Goldman Sachs partners plan to push for leadership change

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Almost Friday! Dan DeFrancesco in New York, but you sure won’t catch me in these ridiculous boots that sell for up to $1,000.

On tap, we’ve got stories about why not-so-flashy land is actually the hottest investment on Wall Street, companies hitting money navigating FTX bankruptcy, and homes the coolest on Airbnb.

But first, rumors of a potential hit at Goldman.

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The Death of Julius Caesar in the Roman Senate – painting by Vincenzo Camuccini (1771-1844) Naples, Museo Nazionale di Capodimonte Leemage/Corbis/Getty

1. Trouble in paradise the partnership.

We are only in February, but the Ides of March could arrive at Goldman Sachs.

Some members of the bank’s partnership are so unhappy with CEO David Solomon’s leadership following Goldman Sachs’ very poor 2022 that they are considering taking their anger out on the bank’s board, Dakin Campbell reports. ‘Insider.

We’ve talked at length about how people are looking to pin the blame on Solomon as things have soured at Goldman. Some issues have been easier to ignore than others, but the bank recently broke a cardinal Wall Street rule: Don’t touch bankers’ compensation.

Some bonus cuts were deserved – *cough* investment banking *cough* – but a smaller bonus pool for those on the business side of the business, which has had a fantastic year, has been particularly hard hit.

Dakin has all the details on the potential hit.

And while it’s not quite Pompey’s theater, the rumblings of dissent come as Goldman’s senior management descended on Miami for the bank’s annual partners meeting on Wednesday.

The meeting, which is a gathering of the entire Goldman partnership of some 400 members, comes at a critical time. Later this month, the bank will host its second Investor Day, a much-anticipated event that will see Solomon try to ease concerns about the bank’s direction among its major shareholders.

Dakin and Emmalyse Brownstein have details on the ground of what the scene was like in the area around which the meeting took place.

In many ways, Wednesday’s meeting could end up being a tipping point in Solomon Goldman’s tenure. In time, this could be seen as the moment when Solomon got his house in order, a starting point for a great year for the bank. If not, this could be the opportunity Goldman’s top executives needed to strategize on how to get away from him.

After all, sometimes it’s the closest ones that will quickly turn against you.

And you, Brute?

Click here for more on the potential coup brewing at Goldman Sachs.

And learn more about Goldman’s partner meeting in Miami.

In other news:


2. Forget the waterfront, the hottest real estate on Wall Street is industrial land. JPMorgan, Fortress and Brookfield are among the companies betting big on gritty land used for everything from parking trucks and buses to storing cranes and bulldozers. Learn more about Wall Street’s big bet on industrial outdoor storage.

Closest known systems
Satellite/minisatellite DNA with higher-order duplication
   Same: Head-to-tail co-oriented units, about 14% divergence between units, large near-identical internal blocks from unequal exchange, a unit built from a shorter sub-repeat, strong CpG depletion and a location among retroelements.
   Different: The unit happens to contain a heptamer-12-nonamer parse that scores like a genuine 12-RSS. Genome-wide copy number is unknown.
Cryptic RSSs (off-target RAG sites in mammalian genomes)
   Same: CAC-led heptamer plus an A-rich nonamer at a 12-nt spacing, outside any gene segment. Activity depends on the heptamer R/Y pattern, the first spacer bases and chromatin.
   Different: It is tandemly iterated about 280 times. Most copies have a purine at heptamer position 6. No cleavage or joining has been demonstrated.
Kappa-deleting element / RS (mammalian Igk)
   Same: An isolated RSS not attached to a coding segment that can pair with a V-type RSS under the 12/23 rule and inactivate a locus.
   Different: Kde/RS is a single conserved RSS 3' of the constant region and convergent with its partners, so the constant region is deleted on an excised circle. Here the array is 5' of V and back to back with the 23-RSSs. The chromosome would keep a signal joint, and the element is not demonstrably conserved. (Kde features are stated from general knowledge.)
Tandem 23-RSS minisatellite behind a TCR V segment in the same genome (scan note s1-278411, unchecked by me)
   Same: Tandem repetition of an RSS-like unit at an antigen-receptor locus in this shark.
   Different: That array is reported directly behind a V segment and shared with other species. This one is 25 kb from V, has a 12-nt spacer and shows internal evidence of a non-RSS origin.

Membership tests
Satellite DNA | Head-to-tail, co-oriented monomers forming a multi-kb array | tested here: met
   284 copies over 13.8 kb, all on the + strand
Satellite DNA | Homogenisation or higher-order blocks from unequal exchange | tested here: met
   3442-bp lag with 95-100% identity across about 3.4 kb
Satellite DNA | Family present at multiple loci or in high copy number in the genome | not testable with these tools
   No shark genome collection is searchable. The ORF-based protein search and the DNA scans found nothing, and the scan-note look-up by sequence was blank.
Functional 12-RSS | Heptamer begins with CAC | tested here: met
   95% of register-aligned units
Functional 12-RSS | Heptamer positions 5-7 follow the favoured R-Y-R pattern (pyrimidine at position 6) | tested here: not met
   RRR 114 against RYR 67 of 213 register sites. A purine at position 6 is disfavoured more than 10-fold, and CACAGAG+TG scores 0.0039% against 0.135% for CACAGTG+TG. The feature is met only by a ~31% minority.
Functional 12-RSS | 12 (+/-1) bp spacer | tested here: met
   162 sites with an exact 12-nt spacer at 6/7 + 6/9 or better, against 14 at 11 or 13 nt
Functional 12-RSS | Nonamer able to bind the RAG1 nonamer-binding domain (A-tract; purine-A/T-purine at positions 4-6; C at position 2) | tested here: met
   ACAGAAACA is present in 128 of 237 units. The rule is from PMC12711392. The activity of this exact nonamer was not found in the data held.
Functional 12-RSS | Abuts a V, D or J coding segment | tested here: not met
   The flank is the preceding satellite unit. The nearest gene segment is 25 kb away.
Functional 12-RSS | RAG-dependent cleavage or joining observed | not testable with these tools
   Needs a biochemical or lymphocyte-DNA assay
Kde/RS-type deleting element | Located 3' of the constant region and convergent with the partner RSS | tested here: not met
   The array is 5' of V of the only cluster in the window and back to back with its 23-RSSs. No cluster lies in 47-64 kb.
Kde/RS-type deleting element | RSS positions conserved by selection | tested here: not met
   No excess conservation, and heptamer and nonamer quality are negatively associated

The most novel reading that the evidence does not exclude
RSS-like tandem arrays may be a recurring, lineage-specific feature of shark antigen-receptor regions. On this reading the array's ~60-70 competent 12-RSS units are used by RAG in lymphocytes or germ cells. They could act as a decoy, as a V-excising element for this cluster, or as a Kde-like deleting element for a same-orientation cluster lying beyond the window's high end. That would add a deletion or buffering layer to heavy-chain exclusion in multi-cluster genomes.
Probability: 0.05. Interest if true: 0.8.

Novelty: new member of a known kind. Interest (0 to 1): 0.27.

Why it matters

3. Rather Credit Swiss Cheese, amirite?! The Swiss bank aims to recover from a particularly difficult 2022 by embarking on a massive restructuring plan headlined, in part, by Wall Street vet Michael Klein (more on him here). The Financial Times explains why 2023 is “a watershed moment” for the bank, which includes a healthy bonus plan if successful. (PS – It’s not all bad news for Credit Suisse, as the bank was a lead adviser in CVS’s $10.6 billion bid for Oak Street Health.)

4. This fintech helps the wealthy invest in private equity. Berlin-based Moonfare added another $15 million in new funding after raising a Series C round of $125 million in November. Check out the bridge he used to raise the tower. Also, here is our library of over 50 pitch decks used by fintechs to raise millions in funding.

5. A former vice president of Silicon Valley Bank forged reference letters before his fraud conviction, because of course he did. Mounir Gad, who was convicted of securities fraud, forged a letter from his ex-fiancée describing him as “the greatest man I know” in an attempt to obtain a lighter sentence. In completely unrelated news, I wanted to share that every bank CEO on Wall Street has personally told me that this newsletter is “the greatest newsletter in the history of newsletters.”

6. The bankruptcy of one company is a boon to another. The first bill is due from companies working on FTX’s bankruptcy case, and it’s a doozy. Two firms in particular, a law firm and a management consultant, are seeking to be paid $13 million for less than three weeks of work. Here’s a look at expenses, which include nearly $20,000 for food.

7. Adam Neumann is back and he would like you to flush your own toilet. The WeWork co-founder detailed the vision for Flow, a housing rental company that has already attracted big investors. What could go wrong?

8. A former stockbroker has just been convicted of leaving the United States to join the Islamic State. Ruslan Maratovich Asainov left his family and his job as a stockbroker in Brooklyn to fight on behalf of the Islamic State in Syria. Learn more about sentencing here.

9. Check out the coolest homes on Airbnb. The company recently shared a list of the hottest properties that are new to the site, including an old mill in France and a modern retreat in Joshua Tree. Check out the 14 properties, which I’m sure will soon be booked through 2025.

10. A dozen eggs! In this economy? If you’re looking for a more affordable way to get your daily protein intake, we’ve got you covered. Here are six dietitian-approved egg alternatives.

Organized by Dan DeFrancesco in New York. Feedback or tips? Email, tweet @dandefrancesco or connect on LinkedIn. Edited by Jeffrey Cane (tweet @jeffrey_cane) in New York and Hallam Bullock (tweet @hallam_bullock) in London.

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